Proteomic profiling of antisense-induced exon skipping reveals reversal of
pathobiochemical abnormalities in dystrophic mdx diaphragm.
2009 Jan 8
Department of Biology, National University of Ireland,
Maynooth, Co. Kildare, Ireland.
The disintegration of the dystrophin-glycoprotein complex
represents the initial pathobiochemical insult in Duchenne muscular dystrophy.
However, secondary changes in signalling, energy metabolism and ion homeostasis
are probably the main factors that eventually cause progressive muscle wasting.
Thus, for the proper evaluation of novel therapeutic approaches, it is essential
to analyse the reversal of both primary and secondary abnormalities in treated
muscles. Antisense oligomer-mediated exon skipping promises functional
restoration of the primary deficiency in dystrophin. In this study, an
established phosphorodiamidate morpholino oligomer coupled to a cell-penetrating
peptide was employed for the specific removal of exon 23 in the mutated mouse
dystrophin gene transcript. Using DIGE analysis, we could show the reversal of
secondary pathobiochemical abnormalities in the dystrophic diaphragm following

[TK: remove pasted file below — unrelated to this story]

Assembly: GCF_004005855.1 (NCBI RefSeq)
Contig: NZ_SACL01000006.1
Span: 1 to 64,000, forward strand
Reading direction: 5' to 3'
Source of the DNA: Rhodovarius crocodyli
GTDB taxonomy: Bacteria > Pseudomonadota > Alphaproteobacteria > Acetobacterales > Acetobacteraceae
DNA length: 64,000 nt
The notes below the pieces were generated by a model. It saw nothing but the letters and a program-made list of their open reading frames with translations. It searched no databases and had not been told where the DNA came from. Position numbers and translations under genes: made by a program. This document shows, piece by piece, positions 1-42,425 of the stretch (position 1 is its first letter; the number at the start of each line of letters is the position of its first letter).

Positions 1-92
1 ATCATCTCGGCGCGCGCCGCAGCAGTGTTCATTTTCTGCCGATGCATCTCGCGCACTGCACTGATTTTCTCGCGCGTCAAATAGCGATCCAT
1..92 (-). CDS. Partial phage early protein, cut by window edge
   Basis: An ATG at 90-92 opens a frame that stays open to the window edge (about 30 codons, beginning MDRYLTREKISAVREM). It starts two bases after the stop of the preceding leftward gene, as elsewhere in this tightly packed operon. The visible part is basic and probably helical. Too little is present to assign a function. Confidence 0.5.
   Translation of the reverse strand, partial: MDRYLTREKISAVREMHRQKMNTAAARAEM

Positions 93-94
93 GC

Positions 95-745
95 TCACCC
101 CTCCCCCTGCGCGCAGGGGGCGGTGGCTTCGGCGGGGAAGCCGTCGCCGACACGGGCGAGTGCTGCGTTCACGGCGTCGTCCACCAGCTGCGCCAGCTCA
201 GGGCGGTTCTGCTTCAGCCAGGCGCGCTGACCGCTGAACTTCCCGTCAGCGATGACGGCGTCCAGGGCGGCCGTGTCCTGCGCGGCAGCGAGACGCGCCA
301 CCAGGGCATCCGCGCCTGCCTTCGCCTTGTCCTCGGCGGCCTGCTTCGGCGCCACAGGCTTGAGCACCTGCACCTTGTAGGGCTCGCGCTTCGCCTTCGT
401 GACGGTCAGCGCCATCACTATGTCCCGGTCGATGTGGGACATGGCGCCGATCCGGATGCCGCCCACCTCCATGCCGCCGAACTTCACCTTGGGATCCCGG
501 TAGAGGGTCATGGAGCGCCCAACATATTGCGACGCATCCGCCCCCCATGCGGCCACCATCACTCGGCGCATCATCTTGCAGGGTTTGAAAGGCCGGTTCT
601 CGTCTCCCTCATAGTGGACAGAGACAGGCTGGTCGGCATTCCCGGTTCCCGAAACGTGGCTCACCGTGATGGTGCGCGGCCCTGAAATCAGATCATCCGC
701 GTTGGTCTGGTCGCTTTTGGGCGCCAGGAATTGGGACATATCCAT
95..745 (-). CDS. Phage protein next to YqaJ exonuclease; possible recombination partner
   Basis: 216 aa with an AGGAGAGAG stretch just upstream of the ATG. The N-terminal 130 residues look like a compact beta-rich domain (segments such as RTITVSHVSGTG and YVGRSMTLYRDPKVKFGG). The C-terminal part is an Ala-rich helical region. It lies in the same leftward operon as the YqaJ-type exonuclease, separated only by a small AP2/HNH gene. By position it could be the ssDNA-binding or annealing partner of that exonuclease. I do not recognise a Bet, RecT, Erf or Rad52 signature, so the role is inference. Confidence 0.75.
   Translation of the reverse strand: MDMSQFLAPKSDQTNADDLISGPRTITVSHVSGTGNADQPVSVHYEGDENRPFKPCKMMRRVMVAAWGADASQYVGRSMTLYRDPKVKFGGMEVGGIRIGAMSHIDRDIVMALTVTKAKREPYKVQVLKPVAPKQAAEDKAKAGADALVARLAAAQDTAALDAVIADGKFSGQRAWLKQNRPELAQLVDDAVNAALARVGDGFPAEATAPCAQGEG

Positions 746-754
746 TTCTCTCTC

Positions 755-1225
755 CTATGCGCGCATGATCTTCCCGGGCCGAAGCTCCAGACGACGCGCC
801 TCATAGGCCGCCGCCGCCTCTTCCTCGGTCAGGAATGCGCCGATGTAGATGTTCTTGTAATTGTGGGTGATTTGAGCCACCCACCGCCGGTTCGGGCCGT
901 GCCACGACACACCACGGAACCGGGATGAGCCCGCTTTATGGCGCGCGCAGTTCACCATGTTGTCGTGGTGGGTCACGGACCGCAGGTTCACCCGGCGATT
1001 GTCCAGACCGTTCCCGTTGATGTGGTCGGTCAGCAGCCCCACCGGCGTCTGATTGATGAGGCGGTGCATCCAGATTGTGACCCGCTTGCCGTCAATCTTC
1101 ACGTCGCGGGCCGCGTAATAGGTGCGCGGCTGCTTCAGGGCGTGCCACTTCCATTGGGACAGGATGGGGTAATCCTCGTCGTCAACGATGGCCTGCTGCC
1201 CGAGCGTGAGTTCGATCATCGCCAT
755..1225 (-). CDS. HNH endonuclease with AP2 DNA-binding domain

exon-23 skipping. In analogy to the restoration of dystrophin, beta-dystroglycan
and neuronal nitric oxide synthase, the muscular dystrophy-associated
differential expression of calsequestrin, adenylate kinase, aldolase,
mitochondrial creatine kinase and cvHsp was reversed in treated muscle fibres.
Hence, the re-establishment of Dp427 coded by the transcript missing exon 23 has
counter-acted dystrophic alterations in Ca(2+)-handling, nucleotide metabolism,
bioenergetic pathways and cellular stress response. This clearly establishes the exon-skipping approach as a realistic
treatment strategy for diminishing diverse downstream alterations in
Link To Research Abstract
Link To Irish Times Article